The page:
28 June 2009

I Didn't See It, But I Could Have Guessed the Winner

I'll admit it right now - I missed the SunTrust Indy Challenge on Saturday night (here' the box score). I was at a wedding, so the only way I followed the race was via text messages from Indycar.com. Even with a few messages, it was obvious that the Ganassi cars were dominating throughout the race. And with Scott Dixon's win (congratulations to him for tying Sam Hornish for the IndyCar Series record for career wins with 19), the championship chase has turned into a three-man race, between the Kiwi, teammate Dario Franchitti and Ryan Briscoe.

The three-man race for the IndyCar Series title should be a good one, but in terms of exciting racing, is the domination of the series by Ganassi Racing and Penske Racing good for the ICS? Since the 2008 race at Richmond, no one outside of the two organizations has won an IndyCar race.

It may seem odd, but what I think hurts the series in this instance is that both Penske cars and both Ganassi cars look the same for most of the races. If each car had different sponsorship (for instance, if Franchitti always had the TomTom or Air Wick sponsorship/coloring), would fans be less likely to complain that the Ganassi's and Penske's dominated? I think they might.

Going to a track and realizing that four cars have a realistic chance to win isn't going to bring people to the races. And while it's great when Graham Rahal or Tomas Scheckter are on or near the podium, does anyone really think they have a true chance to win?

Things were fine while Andretti-Green Racing fielded competitive and competent cars, but for whatever reason, their cars have not been as sharp as in previous years. When their cars are locked in, it brings the total of "winning" racecars to 8 - that's much better than 4.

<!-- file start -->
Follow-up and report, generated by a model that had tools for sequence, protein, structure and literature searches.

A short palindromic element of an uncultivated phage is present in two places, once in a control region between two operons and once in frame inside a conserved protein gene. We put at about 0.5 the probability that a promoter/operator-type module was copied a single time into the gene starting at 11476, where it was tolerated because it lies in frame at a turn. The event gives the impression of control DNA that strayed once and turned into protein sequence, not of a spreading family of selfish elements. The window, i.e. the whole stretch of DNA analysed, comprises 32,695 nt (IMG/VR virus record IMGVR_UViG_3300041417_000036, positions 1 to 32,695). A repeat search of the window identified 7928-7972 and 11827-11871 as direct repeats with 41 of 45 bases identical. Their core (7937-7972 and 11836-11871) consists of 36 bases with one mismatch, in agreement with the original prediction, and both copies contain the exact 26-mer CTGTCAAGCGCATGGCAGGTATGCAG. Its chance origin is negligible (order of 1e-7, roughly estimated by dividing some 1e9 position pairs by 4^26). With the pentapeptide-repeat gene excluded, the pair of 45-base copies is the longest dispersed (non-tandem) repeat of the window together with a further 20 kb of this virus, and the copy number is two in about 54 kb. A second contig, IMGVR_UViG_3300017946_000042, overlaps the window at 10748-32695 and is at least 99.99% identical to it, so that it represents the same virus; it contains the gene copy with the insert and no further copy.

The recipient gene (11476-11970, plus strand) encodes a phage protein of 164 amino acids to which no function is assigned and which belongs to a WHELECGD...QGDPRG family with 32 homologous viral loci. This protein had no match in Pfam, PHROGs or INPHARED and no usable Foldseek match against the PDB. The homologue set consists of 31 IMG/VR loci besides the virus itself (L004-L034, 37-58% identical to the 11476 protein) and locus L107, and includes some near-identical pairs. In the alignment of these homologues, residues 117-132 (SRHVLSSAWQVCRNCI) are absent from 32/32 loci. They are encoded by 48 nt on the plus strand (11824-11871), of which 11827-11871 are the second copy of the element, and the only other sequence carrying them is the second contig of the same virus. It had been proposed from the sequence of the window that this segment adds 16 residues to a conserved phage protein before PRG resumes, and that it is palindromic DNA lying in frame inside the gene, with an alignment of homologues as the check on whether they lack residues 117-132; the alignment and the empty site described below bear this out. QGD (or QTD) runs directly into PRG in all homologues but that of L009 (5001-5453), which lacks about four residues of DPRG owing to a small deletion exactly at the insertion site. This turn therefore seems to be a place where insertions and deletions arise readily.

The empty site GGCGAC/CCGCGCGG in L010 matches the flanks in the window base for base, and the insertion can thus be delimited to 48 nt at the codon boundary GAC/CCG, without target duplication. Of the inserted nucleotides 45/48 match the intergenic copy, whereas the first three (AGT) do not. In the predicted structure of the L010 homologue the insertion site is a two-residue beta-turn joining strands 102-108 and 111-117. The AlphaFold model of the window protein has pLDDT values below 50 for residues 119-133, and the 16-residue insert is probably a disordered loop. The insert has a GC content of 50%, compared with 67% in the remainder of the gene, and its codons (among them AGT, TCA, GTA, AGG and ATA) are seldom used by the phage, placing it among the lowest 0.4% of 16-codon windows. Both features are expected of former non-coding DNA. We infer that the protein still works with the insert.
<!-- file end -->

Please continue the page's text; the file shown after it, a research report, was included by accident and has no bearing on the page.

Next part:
While Danica Patrick has raced consistently well this season, I don't think anyone at Ganassi and/or Penske is truly worried about her during the race. And while Tony Kanaan may be one of the best drivers in the series, his cars have been junk since the Indianapolis 500. Hideki Mutoh has driven better since it was reported his sponsor may be leaving him, and fans are still waiting on Marco Andretti to deliver on his runner-up performance at the 500 in 2006.

So, since AGR hasn't figured out how to win (bad time to forget, especially with multiple sponsorship contracts coming up at the end of the year), someone has to step up. Panther has looked better with Wheldon, but they haven't won a race since 2005 (Texas). Dreyer & Reinboldt? Scheckter was competitive at Iowa, but it's doubtful. Coyne? Maybe on a road course.

Anyways, in terms of coverage, having three drivers - two of whom are nationally known and are former Indianapolis 500 champions (no offense to Briscoe, but he's not a household name like Dixon and Franchitti) - compete for a championship is a good thing (and if Castroneves re-enters the championship picture, all the better). And being able to have a championship come down to the last lap of the final race is fantastic - no other racing series can make that claim.

However, having 4 drivers dominate throughout 18 races may not be the best thing for the series, especially on the television side. After all, if I told you that either Castroneves, Briscoe, Dixon or Franchitti would win - would you tune in to see it? Especially if passing continues to be a problem? You probably wouldn't watch as much of the race as you ordinarily would, and that is a big problem for the race.

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